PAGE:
Purdue University | Indiana CCA

Proceedings 2007

Indiana Certified Crop Adviser Conference


The Rise of the Triple-Stacks: Staying a Step Ahead of Resistance Development in Transgenic Crops

Transgenic corn hybrids are rapidly becoming dominant players in Indiana cropping systems. This shift is the product of several forces, including the convenience of “in-plant protection” that allow producers to avoid handling insecticides for treating key insect pests such as the western corn rootworm. Although this shift is welcome in many ways - and has resulted in increases in profitability and ease of on-farm pest management - we are attempting to look forward and anticipate some of the problems with this shift to a new technology. Specifically, we are interested in quantifying the risks of resistance before it occurs. The western corn rootworm is tremendously abundant because it is a highly adaptable insect, and there are many crucial unknowns about how it responds to the new Bt world that is now forced to navigate.
It is important to understand that, unlike granular and liquid insecticides, the active ingredient in Bt corn is not acutely toxic. That is, between 5-10% of larvae exposed to the toxin may survive to adulthood. With this in mind, EPA has mandated a refuge strategy that involves planting Bt and refuge corn in an 80/20 ratio. There are several ways to plant this refuge – most commonly the refuge is planted as a solid block at one end of the field, or often by “splitting the planter” – creating strips of refuge corn as the planter moves across the field.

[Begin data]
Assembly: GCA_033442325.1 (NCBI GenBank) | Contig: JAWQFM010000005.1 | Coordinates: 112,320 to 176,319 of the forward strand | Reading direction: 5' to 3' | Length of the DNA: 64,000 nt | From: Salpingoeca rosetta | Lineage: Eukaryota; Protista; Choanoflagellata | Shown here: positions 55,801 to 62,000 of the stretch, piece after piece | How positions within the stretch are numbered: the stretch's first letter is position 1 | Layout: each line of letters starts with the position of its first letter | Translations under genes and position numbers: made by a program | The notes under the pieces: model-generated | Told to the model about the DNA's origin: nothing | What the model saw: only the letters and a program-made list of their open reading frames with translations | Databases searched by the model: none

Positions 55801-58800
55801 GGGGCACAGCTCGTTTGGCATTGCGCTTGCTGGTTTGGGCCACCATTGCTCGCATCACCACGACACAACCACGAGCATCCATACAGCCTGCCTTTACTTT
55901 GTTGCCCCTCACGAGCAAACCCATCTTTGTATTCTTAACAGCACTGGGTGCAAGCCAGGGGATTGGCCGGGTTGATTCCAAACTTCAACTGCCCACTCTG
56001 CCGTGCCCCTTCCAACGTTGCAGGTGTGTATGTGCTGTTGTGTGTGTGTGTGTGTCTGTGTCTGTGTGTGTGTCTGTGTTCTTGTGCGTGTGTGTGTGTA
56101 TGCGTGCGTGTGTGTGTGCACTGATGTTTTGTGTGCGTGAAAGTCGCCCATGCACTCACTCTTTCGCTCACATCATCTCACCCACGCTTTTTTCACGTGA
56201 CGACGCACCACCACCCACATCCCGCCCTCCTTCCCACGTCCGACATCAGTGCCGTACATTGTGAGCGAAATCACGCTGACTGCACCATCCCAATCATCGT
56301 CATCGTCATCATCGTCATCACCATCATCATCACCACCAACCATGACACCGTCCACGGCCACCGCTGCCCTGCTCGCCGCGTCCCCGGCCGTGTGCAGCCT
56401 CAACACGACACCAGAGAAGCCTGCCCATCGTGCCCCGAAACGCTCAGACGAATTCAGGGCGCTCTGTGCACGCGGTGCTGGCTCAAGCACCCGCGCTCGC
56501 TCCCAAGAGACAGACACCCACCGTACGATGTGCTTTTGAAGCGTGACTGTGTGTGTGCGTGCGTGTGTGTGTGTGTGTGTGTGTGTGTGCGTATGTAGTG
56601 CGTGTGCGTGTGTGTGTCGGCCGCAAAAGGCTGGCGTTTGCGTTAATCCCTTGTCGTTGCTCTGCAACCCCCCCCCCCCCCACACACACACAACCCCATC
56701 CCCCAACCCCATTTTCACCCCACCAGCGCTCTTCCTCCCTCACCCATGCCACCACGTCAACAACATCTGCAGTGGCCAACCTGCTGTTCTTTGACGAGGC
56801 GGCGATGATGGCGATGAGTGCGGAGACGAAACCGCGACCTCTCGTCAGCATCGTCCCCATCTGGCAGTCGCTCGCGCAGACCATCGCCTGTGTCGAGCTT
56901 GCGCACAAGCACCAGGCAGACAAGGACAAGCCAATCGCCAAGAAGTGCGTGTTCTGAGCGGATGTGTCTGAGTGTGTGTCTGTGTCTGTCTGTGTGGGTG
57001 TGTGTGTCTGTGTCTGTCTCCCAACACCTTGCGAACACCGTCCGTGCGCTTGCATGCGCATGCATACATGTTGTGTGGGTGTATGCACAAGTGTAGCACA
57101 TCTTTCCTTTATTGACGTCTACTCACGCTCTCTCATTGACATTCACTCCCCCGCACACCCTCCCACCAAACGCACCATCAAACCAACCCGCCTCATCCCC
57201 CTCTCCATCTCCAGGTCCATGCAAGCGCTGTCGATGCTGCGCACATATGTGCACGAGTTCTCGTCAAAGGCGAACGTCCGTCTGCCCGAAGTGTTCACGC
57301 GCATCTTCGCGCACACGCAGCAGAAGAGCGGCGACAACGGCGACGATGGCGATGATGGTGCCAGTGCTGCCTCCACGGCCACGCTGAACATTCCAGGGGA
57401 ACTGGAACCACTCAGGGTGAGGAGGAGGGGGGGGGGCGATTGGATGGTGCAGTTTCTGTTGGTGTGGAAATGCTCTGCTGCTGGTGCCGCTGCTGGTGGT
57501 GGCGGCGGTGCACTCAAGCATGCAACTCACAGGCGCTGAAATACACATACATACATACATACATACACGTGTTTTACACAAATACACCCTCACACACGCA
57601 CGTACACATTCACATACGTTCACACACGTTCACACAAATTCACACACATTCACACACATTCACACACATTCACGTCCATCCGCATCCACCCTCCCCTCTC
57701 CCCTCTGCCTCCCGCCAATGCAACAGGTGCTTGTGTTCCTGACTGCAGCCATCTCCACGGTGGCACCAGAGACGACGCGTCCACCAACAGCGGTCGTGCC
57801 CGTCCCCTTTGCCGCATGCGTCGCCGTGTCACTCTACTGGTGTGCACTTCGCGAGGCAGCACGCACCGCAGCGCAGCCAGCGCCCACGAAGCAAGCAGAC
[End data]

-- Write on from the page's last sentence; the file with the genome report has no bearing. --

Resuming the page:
Data generated in 2006 and 2007 show that these refuge strategies may not function equally well as refuges. Although adult beetles move long distances, the refuge mandate is best served by minimizing the distance that refuge beetles must travel to mate with their counterparts in the transgenic areas of the field. All things considered, the strip refuge is the best available option for refuge planting.

However, with a move toward increasing the numbers of insecticidal traits in a single plant (i.e. SmartStax technology, expected in 2009), there may soon be a move to alternative refuge strategies. To determine some of the potential pitfalls of future refuge designs, we developed information regarding some experimental (currently not EPA-approved) refuge designs, including comparing an 80/20 refuge with a 90/10 refuge, and a mixed-seed or “refuge-in-a-bag” approach to the refuge problem. In 2007, we planted small plots with the following treatments:

1) 80/20 with a refuge of non-Bt Poncho 1250 seed treated in a block;
2) 80/20 with a refuge of non-Bt Poncho 1250 planted in a strip;
3) 90/10 with a refuge of non-Bt Poncho 1250 planted in a block;
4) 90/10 with a refuge of non-Bt Poncho 1250 planted in a strip;
5) 80/20 with a  refuge of non-Bt Poncho 1250 in a seed mix;
6) 90/10 with a refuge of non-Bt Poncho 1250 in a seed mix; and
7) a full refuge (non-Bt P1250 corn)